Bucharest, Oct 16 /Agerpres/ - Romania can become the largest gas producer in the European Union, which gives it security and independence, but also positions it as an important negotiation partner at European and global level, the Romanian Foreign Affairs Minister, Ramona Manescu, said on Wednesday, at the third edition of the Aspen Energy Summit 2019.
The European Investment Bank (EIB) announced on Monday that is has agreed to lend 21.1 million euro to support the thermal insulation of 400 residential buildings in Sector 2 of Bucharest, a release of the international financial institution informed.
Investors in renewable energy sources are facing fresh obstacles at a time when the government is setting the development of the sector as a priority, with the Energy Ministry shifting its target regarding the share of RES in total energy production in 2030 from 31 percent, as provided for in the National Plan for Energy and the Climate, to 35 percent in the revised blueprint.
Dr. Nevenka Hrovatin, Professor of Economics at University of Ljubljana's Faculty of Economics, reveals the main challenges in energy markets and highlights the best practices from both Slovenia and the region while emphasizing that Slovenia should increase its ambition in the heating and cooling sector.
Romania's primary energy supply increased by 1.0pct, while electricity supply declined 4.5pct, both in the first five months of 2019, year-over-year, according to data published on Friday by the National Institute of Statistics (INS). The main primary energy supply January 1 - May 31, 2019 totalled 14.406 million tonnes of oil equivalent (toe), up 147,100 toe from the same period of 2018.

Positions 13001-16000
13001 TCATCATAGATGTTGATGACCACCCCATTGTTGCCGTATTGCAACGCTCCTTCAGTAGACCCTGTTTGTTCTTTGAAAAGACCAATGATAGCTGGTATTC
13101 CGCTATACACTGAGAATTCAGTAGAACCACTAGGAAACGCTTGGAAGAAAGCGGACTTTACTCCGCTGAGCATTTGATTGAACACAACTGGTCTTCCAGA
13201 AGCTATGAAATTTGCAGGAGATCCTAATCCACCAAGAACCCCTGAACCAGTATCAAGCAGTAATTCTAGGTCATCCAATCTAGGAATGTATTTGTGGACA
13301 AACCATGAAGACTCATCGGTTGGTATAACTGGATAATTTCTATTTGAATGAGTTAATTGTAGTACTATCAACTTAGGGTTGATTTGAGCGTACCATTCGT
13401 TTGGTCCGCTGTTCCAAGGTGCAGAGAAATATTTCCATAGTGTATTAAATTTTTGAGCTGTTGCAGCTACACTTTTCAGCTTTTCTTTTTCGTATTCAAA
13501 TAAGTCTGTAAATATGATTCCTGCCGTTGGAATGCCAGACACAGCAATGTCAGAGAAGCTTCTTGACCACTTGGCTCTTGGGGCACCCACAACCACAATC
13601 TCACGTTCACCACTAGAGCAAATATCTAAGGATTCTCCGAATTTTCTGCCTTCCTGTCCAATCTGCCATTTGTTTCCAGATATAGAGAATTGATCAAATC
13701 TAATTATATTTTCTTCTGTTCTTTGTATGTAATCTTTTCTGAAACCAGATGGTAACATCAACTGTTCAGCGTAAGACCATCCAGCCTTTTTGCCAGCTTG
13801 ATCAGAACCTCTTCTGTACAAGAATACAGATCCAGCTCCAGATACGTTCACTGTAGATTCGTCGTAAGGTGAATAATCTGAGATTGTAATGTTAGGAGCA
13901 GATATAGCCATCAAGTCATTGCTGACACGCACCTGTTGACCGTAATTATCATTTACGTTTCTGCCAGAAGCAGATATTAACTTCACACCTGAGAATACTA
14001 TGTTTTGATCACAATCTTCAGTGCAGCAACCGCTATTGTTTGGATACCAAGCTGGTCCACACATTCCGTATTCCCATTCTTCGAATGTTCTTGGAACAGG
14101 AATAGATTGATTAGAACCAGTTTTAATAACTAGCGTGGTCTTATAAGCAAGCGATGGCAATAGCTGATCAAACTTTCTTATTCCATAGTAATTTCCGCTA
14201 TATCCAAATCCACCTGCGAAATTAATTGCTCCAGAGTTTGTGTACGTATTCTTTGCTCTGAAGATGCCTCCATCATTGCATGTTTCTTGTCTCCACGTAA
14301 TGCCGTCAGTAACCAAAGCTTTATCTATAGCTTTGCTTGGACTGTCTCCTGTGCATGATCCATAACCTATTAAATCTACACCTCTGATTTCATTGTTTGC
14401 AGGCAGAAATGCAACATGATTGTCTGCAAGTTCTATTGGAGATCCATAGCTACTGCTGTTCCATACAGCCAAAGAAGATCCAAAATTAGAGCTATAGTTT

In this impoverished, struggling country, there is wealth lying just about everywhere you look, and yet no one is earning a cent from it. Even the most obvious no-brainer - solar thermal energy - is found on rooftops only sporadically in the north and not at all in the south. The contrast to Italy and Greece, where rooftop solar thermal systems are common, is glaring.
Greece could become a power accumulator for Europe and support its energy independence through the necessary investment in renewable energy sources (RES), the secretary-general of the Hellenic Wind Energy Association (ELETAEN), Panayiotis Papastamatiou, stated on Tuesday, adding that "meeting the 2030 target for 55 percent of power coming from RES, we require investments of 17 billion euros."